Free Full Text at:
J Clin Invest. 2003 Oct;112(7):1037-48
Najafian N, Chitnis T, Salama AD, Zhu B, Benou C, Yuan X, Clarkson MR, Sayegh MH, Khoury SJ.
77 Avenue Louis Pasteur, Room 714, Center for Neurologic Diseases, Brigham and Women's Hospital, Boston, Massachusetts 02115, USA
CD8+ T cell depletion renders CD28-deficient mice susceptible to experimental autoimmune encephalomyelitis (EAE).
In addition, CD8-/-CD28-/- double-knockout mice are susceptible to EAE.
These findings suggest a role for CD8+ T cells in the resistance of CD28-deficient mice to disease.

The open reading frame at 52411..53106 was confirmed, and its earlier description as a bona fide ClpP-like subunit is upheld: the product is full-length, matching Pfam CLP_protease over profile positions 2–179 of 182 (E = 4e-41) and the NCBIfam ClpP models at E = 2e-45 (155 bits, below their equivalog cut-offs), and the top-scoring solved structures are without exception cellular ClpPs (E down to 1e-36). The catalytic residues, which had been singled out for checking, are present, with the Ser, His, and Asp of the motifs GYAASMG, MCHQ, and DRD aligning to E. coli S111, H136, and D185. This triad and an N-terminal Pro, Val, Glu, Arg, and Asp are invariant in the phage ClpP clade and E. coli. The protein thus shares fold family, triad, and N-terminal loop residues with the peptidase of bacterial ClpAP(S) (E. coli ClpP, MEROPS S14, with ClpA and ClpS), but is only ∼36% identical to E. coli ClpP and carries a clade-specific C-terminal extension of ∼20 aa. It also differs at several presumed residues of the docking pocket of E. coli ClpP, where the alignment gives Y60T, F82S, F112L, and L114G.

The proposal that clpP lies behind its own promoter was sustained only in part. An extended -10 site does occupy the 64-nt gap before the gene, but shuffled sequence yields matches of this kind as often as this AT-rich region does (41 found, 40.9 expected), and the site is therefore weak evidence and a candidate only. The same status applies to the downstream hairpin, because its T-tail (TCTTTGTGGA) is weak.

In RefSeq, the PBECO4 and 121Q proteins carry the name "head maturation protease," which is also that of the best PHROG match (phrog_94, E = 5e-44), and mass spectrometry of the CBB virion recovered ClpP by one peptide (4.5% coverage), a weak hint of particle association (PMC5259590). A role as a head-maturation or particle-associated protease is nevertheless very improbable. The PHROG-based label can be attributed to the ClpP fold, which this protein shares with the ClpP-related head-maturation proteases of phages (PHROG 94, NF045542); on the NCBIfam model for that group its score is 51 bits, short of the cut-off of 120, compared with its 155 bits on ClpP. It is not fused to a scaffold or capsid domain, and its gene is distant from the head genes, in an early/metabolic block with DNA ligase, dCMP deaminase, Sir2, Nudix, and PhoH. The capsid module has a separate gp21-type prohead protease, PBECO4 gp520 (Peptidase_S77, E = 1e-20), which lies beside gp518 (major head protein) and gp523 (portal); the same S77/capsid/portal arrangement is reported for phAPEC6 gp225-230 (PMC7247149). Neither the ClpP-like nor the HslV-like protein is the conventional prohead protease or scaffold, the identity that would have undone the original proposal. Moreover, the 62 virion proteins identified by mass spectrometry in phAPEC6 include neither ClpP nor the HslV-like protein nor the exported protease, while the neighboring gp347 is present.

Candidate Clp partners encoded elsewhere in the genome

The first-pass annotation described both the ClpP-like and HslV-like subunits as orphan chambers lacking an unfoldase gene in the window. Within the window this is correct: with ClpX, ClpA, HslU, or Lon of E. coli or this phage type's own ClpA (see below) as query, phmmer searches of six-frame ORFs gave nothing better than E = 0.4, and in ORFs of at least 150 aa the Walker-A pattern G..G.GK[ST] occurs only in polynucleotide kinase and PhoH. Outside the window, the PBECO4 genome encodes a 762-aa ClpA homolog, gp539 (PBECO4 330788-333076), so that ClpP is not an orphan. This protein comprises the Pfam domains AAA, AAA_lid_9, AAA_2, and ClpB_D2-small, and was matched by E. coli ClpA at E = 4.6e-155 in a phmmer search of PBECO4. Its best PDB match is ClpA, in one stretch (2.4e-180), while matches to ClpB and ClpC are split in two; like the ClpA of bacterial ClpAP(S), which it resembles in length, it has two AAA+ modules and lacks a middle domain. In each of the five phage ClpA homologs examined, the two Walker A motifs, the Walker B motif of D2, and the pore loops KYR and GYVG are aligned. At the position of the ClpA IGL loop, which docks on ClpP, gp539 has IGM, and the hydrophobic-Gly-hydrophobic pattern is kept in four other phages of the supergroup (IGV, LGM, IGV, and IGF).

Adoptive transfer of CD8+CD28- T cells into CD8-/- mice results in significant suppression of disease, while CD8+CD28+ T cells demonstrate no similar effect on the clinical course of EAE in the same recipients.
In vitro, CD8+CD28- but not CD8+CD28+ T cells suppress IFN-gamma production of myelin oligodendrocyte glycoprotein-specific CD4+ T cells.
This suppression requires cell-to-cell contact and is dependent on the presence of APCs.
APCs cocultured with CD8+CD28- T cells become less efficient in inducing a T cell-dependent immune response.
Such interaction prevents upregulation of costimulatory molecules by APCs, hence decreasing the delivery of these signals to CD4+ T cells.
These are the first data establishing that regulatory CD8+CD28- T cells occur in normal mice and play a critical role in disease resistance in CD28-/- animals.